It’s almost hard to believe it’s the same group—might as well be early SNSD or something. And both Heart to Heart and Mirror, Mirror seem to show a real turn away from Huh, I My Me Mine and Hot Issue as well.

                    I’m inclined to agree with James, though, that the lyrics of these latter songs are offering a pretty dubious form of empowerment for their fans: In “Hot Issue” their swagger reduces fans to wannabe status and they still are promoting the usual standards of contemporary Korean beauty based on thinness: “my waist is more slender than yours/I’ve got long, slim legs.” And maybe it’s just me, but I’d find it hard to think of a more narcissistic title than “I My Me Mine”. You’re right that the male validating presence isn’t always there—just present in a couple of places.

                    If I really thought that the members of 4Minute were consciously controlling all of these image changes (and I’m very, very happy to be shown evidence that that is so), then I’d find it easier to applaud it all, but I’m still inclined to think that these are managerial decisions.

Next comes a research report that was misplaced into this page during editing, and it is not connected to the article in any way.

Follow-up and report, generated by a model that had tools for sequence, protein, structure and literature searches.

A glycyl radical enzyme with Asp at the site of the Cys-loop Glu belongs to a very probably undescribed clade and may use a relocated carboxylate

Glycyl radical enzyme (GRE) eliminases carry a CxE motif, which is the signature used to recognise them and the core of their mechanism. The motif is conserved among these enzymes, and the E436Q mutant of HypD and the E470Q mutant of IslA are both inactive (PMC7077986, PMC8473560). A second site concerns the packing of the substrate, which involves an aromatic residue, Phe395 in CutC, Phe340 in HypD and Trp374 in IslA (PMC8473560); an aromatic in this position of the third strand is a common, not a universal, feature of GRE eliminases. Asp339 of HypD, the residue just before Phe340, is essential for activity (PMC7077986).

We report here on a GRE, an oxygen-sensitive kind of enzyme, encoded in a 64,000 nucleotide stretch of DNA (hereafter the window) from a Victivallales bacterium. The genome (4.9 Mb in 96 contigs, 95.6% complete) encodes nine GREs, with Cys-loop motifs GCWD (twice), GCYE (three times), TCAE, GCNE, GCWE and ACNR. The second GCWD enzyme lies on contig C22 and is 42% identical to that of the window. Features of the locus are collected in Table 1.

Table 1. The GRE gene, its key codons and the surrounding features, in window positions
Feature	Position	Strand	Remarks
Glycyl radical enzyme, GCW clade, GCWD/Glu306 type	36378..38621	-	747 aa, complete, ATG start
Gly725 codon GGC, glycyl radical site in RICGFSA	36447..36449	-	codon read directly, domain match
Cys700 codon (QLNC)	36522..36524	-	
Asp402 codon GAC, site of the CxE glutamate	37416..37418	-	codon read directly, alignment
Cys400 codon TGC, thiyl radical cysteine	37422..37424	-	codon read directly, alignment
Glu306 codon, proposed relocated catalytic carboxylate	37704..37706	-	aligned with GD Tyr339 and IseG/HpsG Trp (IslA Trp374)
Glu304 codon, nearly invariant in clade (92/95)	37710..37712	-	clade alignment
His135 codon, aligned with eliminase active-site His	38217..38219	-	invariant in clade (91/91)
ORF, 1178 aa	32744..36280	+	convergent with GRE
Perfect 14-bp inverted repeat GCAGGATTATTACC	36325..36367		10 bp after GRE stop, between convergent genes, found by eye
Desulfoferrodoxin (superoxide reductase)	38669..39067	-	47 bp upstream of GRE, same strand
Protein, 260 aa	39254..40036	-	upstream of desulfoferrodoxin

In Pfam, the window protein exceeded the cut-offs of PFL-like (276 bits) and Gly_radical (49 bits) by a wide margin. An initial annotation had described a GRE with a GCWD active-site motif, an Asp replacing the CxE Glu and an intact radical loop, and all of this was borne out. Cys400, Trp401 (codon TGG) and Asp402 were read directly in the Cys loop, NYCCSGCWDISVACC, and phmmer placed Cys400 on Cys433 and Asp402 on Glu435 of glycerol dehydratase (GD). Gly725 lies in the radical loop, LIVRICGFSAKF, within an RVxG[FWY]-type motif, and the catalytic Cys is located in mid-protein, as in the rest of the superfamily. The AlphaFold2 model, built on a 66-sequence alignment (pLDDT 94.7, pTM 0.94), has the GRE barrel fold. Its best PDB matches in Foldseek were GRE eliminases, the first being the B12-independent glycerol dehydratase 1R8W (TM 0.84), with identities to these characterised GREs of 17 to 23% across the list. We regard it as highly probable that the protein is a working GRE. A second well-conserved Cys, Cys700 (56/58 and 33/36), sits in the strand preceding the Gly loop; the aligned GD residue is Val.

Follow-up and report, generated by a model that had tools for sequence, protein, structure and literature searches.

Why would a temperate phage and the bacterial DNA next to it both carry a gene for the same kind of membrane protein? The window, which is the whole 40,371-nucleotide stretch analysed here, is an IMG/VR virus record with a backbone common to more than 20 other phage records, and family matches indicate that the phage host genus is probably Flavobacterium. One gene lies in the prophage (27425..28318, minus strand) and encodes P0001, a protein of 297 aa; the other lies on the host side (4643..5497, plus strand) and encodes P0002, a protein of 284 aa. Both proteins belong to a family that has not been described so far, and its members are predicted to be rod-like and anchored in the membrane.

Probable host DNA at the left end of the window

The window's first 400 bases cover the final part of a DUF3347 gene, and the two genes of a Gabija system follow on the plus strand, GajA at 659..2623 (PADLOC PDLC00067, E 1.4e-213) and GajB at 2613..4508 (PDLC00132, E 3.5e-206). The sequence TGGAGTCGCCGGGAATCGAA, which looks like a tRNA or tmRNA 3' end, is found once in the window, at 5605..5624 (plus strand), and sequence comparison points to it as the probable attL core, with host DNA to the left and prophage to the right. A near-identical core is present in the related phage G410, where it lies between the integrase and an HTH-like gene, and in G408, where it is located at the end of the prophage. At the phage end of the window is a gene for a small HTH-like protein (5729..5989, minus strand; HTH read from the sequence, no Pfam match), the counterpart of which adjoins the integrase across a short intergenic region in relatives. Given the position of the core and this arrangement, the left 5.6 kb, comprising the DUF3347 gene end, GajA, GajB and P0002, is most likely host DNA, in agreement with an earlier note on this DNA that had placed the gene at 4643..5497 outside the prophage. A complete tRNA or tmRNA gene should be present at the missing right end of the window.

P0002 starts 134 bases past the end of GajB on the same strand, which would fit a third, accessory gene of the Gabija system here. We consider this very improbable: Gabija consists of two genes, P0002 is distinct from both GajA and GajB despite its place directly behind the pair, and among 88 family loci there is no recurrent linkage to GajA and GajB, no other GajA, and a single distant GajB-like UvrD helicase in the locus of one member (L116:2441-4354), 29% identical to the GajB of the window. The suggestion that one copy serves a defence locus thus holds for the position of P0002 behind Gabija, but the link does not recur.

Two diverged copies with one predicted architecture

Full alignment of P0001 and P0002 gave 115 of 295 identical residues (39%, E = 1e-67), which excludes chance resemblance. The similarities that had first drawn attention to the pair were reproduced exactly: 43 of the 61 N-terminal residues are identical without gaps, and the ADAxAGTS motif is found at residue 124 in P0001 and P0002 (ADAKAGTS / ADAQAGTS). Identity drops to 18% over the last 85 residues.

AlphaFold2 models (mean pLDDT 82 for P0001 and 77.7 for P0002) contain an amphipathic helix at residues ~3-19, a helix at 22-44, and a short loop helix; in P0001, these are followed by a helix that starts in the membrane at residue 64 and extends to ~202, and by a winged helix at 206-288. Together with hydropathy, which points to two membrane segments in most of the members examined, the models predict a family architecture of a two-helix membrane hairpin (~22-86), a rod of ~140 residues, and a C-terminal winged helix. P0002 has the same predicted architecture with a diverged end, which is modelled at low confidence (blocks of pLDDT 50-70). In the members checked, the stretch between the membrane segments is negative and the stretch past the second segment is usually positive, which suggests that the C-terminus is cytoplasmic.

But while I’m here I’ll note that I think that Heart to Heart is a pretty darn catchy tune, and that the section of “Mirror, Mirror” that begins 너를 생각하면… before the chorus is one of the best little melodic portions I’ve heard in any K-pop, full stop. Really good stuff.

                    • I guess I’m just a fan of narcissism in my pop stars.

                      I don’t think the “the male validating presence” is there at all. Are you saying men can’t be a part of a group of people in girl group videos without them being a ‘validating presence’?